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We Can Be Heroes: Center on Halsted hosts a low-key Comicon

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What kind of a comic-book convention is this? There aren’t any geeks dressed in Dragonball Z costumes, no signs of Lou Ferrigno or Adam West aimlessly wandering the aisles giving out their John Hancock’s for minimal fees. There are some oddballs crowding around a table of DC back issues like famished vultures, but other than the guy with the bad goatee wearing a red satin cape tied around his neck, this looks pretty low key. Apparently, for the organizers of this year’s Windy City Comicon, that is the goal.

“We wanted this to be a very creator-driven show along with a good shopping experience,” says Chris, the co-promoter of today’s convention. This is a hardcore comic lover’s event. There are more than seventy-five artists and creators strewn around the modestly sized room in the Center on Halsted, most of which are locally based. Thomas of Century Guild says this reminds him of what cons were like in the seventies, when it was all about the comic book and not the commercial aspect of it all.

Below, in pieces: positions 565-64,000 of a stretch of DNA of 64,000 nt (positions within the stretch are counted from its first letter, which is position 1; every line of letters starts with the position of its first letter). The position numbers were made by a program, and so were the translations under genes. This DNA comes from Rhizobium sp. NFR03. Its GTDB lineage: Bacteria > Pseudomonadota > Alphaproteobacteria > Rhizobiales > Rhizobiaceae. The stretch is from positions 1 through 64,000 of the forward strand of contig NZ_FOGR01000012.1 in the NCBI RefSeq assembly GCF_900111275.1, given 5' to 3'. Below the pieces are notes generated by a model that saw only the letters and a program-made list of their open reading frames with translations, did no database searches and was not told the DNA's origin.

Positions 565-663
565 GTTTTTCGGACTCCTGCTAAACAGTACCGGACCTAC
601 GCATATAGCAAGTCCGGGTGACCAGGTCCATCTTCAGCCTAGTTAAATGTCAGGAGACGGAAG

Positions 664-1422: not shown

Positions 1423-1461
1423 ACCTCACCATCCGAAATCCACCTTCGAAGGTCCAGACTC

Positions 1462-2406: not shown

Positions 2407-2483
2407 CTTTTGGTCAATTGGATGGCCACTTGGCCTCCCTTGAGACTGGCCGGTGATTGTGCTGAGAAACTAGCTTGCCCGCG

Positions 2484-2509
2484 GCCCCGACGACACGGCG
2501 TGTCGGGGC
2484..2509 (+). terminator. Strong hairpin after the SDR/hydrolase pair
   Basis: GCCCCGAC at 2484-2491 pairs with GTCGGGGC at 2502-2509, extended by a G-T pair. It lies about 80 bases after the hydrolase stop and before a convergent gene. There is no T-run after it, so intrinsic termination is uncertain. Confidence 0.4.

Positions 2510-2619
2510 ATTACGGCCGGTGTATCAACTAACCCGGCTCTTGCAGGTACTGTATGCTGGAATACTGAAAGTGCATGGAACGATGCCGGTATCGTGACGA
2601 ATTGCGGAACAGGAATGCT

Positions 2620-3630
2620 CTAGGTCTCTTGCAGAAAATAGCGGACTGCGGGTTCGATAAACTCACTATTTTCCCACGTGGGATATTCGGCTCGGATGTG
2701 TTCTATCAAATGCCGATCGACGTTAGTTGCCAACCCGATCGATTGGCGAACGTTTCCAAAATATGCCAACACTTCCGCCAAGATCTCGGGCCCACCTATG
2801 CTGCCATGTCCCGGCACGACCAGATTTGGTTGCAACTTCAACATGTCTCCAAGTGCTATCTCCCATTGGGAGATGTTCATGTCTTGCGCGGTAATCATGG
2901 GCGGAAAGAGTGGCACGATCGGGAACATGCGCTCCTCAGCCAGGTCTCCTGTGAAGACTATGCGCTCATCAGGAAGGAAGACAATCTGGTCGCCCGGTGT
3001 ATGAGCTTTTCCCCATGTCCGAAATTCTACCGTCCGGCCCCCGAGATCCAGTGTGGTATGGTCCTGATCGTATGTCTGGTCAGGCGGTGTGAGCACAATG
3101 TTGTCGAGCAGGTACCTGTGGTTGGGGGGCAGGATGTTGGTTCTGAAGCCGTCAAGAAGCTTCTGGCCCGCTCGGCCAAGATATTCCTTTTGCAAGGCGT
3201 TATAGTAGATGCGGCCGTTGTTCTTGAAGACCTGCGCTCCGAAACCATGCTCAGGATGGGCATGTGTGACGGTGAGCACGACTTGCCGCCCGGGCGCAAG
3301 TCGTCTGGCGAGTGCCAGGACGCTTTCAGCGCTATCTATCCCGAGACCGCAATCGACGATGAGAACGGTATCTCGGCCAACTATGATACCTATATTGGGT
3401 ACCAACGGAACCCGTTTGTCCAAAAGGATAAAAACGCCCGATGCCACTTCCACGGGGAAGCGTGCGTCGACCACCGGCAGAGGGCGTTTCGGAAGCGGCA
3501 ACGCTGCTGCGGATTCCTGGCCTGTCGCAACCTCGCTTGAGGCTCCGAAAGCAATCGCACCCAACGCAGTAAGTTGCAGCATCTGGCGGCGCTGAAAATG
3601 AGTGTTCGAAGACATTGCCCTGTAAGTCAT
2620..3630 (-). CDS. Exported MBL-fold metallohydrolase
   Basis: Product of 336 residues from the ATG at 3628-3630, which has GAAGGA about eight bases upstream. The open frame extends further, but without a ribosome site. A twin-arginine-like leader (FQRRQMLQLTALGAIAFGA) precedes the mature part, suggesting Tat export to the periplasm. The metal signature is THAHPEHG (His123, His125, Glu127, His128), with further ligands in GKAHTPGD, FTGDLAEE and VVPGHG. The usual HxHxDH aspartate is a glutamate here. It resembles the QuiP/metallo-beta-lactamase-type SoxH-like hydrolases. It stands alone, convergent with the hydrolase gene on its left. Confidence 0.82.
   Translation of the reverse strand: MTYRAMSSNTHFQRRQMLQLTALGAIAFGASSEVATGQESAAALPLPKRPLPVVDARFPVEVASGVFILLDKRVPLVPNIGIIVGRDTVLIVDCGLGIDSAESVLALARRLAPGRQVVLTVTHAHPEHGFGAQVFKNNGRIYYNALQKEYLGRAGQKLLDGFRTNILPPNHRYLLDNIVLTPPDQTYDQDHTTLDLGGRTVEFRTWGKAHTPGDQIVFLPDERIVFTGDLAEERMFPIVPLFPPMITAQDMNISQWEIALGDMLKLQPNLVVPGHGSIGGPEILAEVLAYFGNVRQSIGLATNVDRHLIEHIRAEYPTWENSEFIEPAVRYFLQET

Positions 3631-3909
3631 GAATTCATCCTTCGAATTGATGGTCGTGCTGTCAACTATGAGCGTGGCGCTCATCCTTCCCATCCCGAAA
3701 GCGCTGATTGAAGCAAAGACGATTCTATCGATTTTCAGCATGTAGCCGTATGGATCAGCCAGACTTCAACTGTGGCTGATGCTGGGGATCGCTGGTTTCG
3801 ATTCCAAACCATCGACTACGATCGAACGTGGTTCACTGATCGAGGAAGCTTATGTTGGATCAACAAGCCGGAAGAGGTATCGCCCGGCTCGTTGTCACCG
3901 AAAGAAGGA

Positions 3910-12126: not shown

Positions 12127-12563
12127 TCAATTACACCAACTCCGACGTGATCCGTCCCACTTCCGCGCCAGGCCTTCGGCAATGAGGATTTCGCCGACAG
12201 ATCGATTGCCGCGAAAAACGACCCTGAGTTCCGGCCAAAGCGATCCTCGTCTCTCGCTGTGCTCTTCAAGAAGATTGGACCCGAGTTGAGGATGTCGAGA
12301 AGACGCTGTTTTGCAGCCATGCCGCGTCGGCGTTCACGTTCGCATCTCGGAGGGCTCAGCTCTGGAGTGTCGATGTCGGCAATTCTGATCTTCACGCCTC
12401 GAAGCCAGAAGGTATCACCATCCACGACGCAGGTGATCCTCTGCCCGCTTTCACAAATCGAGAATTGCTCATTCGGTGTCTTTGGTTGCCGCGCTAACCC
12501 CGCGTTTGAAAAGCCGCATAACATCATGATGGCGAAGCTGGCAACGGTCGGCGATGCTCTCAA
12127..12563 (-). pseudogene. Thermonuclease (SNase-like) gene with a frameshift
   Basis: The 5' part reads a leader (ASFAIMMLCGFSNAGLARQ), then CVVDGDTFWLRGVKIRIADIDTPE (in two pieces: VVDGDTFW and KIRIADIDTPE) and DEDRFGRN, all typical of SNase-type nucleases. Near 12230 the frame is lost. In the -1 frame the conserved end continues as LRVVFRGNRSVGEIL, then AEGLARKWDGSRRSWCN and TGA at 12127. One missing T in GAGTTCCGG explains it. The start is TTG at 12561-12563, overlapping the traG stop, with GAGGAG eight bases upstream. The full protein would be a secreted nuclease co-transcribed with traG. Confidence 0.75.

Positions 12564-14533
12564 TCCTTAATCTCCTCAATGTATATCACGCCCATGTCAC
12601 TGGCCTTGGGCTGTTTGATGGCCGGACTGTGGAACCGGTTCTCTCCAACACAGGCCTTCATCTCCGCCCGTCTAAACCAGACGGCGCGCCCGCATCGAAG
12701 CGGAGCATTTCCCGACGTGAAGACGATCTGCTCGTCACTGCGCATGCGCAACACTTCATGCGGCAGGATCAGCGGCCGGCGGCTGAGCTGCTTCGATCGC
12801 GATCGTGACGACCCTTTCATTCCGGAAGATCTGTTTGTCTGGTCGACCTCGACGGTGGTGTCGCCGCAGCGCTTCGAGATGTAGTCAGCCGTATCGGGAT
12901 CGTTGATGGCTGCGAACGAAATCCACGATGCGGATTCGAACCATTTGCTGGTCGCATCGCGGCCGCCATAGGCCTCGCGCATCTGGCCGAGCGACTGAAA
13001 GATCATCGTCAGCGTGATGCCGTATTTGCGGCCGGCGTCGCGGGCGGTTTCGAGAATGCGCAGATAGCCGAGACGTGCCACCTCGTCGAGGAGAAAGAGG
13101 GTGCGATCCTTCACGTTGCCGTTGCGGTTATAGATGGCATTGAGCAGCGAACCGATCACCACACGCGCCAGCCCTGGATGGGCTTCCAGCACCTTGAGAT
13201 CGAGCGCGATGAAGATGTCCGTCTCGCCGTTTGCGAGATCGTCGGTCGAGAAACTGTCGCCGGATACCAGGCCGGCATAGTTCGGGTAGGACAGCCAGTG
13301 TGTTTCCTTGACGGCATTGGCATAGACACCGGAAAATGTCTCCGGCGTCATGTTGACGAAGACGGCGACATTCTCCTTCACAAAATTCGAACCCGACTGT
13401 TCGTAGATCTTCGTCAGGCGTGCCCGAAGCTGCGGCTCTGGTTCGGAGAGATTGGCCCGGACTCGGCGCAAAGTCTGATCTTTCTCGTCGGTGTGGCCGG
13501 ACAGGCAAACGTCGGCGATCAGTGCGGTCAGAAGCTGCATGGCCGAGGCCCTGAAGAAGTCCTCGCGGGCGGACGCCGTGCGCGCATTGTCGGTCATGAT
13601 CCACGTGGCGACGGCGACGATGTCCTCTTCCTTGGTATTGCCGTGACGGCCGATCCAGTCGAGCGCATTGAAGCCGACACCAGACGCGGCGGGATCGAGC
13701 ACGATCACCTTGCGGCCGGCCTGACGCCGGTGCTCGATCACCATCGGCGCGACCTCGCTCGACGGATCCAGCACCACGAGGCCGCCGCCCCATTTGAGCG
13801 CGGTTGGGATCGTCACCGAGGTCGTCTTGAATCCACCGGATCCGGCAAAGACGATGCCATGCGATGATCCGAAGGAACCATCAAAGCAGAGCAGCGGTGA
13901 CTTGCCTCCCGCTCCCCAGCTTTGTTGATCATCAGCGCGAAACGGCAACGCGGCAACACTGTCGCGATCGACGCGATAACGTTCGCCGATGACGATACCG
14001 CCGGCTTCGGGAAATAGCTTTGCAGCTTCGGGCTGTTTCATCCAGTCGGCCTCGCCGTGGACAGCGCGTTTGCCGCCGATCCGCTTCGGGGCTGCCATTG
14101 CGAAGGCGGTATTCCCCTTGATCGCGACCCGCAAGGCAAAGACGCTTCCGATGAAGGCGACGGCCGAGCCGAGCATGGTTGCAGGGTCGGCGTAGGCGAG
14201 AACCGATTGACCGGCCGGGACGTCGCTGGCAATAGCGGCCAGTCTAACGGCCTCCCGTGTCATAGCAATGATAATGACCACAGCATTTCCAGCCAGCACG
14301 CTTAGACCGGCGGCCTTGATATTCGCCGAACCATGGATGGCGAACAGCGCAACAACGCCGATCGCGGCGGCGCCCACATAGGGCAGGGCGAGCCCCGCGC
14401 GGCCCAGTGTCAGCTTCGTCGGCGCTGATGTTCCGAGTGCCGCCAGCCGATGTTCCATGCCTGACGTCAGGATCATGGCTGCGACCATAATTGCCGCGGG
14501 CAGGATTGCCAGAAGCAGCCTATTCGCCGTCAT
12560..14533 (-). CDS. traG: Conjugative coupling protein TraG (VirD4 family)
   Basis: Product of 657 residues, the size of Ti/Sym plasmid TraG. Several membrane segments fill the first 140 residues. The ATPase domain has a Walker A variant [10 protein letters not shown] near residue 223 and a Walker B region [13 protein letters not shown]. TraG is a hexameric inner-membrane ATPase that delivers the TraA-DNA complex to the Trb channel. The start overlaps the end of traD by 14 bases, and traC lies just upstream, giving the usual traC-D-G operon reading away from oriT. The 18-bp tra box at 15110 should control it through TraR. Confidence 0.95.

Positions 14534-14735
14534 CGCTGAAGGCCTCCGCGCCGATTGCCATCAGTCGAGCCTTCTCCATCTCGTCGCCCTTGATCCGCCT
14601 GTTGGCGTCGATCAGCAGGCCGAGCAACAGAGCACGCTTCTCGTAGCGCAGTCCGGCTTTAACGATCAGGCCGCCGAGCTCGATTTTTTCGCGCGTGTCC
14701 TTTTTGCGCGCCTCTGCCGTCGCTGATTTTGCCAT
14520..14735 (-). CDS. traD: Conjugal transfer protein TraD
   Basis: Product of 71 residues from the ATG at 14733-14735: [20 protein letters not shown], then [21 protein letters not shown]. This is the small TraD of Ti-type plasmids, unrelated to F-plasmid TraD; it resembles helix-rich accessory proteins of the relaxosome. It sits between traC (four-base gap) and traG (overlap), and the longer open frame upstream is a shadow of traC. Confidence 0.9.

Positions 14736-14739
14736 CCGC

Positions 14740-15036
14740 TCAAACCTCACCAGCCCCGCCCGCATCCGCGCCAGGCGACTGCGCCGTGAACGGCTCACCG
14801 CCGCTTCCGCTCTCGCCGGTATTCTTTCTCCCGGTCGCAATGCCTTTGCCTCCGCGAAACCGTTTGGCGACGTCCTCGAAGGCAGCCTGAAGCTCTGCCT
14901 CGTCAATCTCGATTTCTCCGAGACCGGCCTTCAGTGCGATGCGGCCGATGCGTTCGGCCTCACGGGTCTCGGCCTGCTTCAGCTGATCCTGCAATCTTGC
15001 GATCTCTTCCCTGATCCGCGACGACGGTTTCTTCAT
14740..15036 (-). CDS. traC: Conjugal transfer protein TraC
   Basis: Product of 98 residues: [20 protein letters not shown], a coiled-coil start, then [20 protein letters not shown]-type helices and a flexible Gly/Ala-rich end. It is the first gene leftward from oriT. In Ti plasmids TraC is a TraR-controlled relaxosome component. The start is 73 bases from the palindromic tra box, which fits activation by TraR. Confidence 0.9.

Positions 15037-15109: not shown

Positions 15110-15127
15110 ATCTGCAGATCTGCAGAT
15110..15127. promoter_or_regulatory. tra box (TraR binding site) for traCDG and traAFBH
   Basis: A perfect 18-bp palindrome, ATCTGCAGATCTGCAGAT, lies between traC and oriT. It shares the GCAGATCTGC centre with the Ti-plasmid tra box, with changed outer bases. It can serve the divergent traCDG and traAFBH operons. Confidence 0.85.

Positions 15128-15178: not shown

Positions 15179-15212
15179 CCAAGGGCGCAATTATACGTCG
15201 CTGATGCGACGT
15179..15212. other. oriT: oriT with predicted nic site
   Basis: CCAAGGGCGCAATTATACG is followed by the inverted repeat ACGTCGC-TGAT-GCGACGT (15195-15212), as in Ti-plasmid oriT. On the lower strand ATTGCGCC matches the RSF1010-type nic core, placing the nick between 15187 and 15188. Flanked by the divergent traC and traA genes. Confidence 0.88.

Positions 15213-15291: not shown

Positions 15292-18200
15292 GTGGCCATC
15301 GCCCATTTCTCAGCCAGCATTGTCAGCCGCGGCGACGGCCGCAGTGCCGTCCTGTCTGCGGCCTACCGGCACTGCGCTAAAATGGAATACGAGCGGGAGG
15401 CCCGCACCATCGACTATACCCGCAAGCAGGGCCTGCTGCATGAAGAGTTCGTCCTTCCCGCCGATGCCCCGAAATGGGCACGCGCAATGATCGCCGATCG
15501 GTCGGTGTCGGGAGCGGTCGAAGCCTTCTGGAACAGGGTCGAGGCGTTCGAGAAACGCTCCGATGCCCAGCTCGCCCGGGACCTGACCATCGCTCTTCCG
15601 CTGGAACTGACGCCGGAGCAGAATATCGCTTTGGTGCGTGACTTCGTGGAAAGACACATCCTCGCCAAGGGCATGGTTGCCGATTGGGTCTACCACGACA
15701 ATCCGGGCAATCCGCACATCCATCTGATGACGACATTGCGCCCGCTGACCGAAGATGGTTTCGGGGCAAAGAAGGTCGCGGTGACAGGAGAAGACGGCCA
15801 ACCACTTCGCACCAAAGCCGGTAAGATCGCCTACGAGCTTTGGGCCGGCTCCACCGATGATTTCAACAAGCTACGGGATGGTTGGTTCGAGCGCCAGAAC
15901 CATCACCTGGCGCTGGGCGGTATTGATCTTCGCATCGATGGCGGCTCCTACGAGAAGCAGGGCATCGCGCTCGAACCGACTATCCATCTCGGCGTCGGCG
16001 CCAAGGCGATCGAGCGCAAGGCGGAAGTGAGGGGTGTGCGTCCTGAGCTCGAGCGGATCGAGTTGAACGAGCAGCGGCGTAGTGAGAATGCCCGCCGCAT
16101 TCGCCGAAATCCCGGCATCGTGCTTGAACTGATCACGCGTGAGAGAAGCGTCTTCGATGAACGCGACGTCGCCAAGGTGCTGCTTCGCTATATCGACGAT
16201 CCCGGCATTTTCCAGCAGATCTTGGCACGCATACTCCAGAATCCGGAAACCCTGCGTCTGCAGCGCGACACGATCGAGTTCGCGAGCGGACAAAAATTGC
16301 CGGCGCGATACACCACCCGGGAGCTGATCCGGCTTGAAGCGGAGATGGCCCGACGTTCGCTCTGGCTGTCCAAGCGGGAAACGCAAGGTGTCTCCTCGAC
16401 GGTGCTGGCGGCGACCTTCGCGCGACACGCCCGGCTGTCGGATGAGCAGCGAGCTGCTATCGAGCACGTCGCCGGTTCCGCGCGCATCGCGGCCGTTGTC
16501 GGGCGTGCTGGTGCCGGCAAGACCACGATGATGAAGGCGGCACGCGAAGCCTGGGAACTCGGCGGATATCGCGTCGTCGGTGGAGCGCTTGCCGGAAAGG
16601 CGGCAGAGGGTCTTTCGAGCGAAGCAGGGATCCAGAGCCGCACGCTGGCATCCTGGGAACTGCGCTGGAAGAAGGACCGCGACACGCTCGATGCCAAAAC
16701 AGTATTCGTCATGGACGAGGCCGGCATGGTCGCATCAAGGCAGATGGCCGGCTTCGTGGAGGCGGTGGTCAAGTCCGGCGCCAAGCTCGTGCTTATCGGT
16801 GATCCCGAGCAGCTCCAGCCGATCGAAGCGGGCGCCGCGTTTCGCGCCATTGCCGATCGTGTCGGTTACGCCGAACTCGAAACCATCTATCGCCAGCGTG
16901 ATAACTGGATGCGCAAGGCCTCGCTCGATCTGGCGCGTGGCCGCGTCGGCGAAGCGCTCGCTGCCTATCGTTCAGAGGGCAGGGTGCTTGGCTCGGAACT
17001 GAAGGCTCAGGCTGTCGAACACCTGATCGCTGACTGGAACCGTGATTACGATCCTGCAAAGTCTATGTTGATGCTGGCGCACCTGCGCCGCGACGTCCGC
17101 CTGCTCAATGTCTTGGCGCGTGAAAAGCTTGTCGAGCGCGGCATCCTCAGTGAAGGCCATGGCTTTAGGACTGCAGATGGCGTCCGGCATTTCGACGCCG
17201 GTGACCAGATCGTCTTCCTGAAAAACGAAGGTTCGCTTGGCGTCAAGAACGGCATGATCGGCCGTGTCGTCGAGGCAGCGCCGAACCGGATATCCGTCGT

There is everything from small independent presses to award-winning artists, including local Geof Darrow, who is most commercially known for his work as a conceptual designer on all three “Matrix” movies. If this were any other convention, the line for his table would be hours long, where as in this intimate setting, fans wait less than five minutes to speak to the animation hero as he sits next to his 9-year-old daughter—who also happens to be a successful comic artist.

On my way out, I overhear a conversation about the impossibility of cloning robots, and it’s clear that these fans are at home. (Jonathan Kaplan)

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